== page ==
While I’ve read the first half of Lance Strate‘s Echoes and Reflections: On Media Ecology as a Field of Study in Communication Research Trends, I wanted to skim the whole book to think about it as a possible text if I decide to go with a media ecology theme for the special topics course. I like Lance’s various definitions of media ecology, and this passage from the book’s introduction stood out as something I wanted to blog:

From the standpoint of the trivium, Echoes and Reflections may be regarded as a grammar book, in that media ecology is concerned with the structures, rules, and biases governing languages, media, and technologies–governing the world as well as the word. (3)

It’s this notion of trying to understand how languages, media, and technologies function within that explains what I find so intellectually interesting about media ecology and its sub-field orality-literacy studies.

But I also like this passage for its positing Echoes and Reflections as a grammar book in the medieval sense of the term, in large part because I can’t think about grammar any more without thinking about Shippey’s discussion of grammar, grammarye, and glamour in both The Road to Middle Earth and J.R.R. Tolkien: Author of the Century. This discussion is, in large part, a gloss on the curious passage in “Farmer Giles of Ham” in which the parson suggests that Giles take some rope with him as he goes looking for the dragon a second time. The passage from “Farmer Giles of Ham” reads:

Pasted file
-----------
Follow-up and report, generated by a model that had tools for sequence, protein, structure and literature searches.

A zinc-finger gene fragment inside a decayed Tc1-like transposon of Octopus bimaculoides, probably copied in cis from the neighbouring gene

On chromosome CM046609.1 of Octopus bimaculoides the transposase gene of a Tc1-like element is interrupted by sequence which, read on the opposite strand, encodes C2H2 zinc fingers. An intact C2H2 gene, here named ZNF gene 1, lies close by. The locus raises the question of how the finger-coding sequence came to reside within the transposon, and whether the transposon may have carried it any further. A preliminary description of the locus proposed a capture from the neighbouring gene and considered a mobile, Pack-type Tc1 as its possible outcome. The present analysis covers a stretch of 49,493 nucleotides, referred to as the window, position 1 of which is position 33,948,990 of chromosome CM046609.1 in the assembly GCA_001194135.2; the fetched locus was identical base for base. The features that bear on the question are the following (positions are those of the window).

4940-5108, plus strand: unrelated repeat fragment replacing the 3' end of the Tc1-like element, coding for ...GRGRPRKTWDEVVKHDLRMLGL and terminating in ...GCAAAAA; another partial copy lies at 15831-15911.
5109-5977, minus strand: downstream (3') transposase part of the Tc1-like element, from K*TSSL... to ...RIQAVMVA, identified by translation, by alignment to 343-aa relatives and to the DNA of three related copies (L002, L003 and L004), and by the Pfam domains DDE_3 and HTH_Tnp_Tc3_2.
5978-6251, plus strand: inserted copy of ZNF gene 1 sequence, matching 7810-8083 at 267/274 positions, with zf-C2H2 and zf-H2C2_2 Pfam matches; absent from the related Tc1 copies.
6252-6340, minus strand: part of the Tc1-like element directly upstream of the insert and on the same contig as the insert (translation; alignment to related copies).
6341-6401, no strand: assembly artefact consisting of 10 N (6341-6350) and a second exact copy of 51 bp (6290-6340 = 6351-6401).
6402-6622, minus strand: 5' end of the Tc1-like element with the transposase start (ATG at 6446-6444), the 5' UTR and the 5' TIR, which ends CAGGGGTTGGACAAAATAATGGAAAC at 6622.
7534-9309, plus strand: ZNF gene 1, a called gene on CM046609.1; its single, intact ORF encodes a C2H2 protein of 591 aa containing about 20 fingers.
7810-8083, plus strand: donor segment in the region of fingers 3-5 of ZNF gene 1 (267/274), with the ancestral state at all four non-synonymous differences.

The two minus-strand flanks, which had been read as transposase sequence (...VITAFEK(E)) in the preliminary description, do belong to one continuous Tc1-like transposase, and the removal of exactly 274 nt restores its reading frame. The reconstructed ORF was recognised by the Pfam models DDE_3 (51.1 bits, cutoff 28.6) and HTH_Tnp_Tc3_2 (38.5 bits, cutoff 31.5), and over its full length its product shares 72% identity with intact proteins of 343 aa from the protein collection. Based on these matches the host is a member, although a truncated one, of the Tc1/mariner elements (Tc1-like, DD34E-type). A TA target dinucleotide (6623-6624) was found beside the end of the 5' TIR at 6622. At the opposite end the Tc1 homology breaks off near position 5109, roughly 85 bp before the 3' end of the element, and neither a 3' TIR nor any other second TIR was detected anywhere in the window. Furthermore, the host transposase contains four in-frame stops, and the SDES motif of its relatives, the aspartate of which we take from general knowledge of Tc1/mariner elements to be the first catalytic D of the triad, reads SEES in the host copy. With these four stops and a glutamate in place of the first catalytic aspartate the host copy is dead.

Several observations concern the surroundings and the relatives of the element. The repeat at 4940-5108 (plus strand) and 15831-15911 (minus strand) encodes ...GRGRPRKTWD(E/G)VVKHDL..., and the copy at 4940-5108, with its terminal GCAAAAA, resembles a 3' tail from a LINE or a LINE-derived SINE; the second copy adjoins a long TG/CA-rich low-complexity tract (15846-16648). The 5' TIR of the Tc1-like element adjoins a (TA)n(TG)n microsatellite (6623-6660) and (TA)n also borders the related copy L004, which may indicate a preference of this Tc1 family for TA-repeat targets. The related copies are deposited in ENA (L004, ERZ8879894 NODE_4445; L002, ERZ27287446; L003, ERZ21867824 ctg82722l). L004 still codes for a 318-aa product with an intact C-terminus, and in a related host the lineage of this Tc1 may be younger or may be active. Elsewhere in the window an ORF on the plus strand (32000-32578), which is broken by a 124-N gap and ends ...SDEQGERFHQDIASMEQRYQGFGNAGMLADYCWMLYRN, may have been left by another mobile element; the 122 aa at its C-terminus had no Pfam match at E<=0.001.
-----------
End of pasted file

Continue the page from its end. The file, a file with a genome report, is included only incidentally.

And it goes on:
at least the parson with his booklearning might have guessed it. Maybe he did. He was a grammarian, and could doubtless see further into the future than others.

This is one of Tolkien’s philological jokes, Shippey tells us. Well, joke isn’t the right word, but it’s Tolkien having some philological fun. Glamour is a corruption of grammar and is “paralleled in sense” by grammarye. Glamour is the ability to change shape for the purposes of deception, and grammarye is “occult learning, magic, necromancy.” To better make sense of this, I want to posit the notion of “natural” magic, the magic of faerie (to use a Tolkienian term), and formulaic, ritualistic, rule-bound magic one studies and may even learn from books. Grammarye would be of the later sort.

So, how does this all connect to Strate’s discussion of media ecology? Well, a grammar, in the medieval sense, is concerned with structures, rules, and biases. Its function is to make visible the invisible or hidden by providing the formulas and rules that govern a subject. (Consider, for instance, Innis’ study of biases, McLuhan’s laws of media, and Ong’s discussions of the interiorization of technologies.) In other words, as a field of study, media ecology is a grammar that explores the unrecognized function of language, media, and technology (the glamour) as systems (grammarye).

It’s an idea we shouldn’t take too seriously, but it is a bit of Sunday morning fun.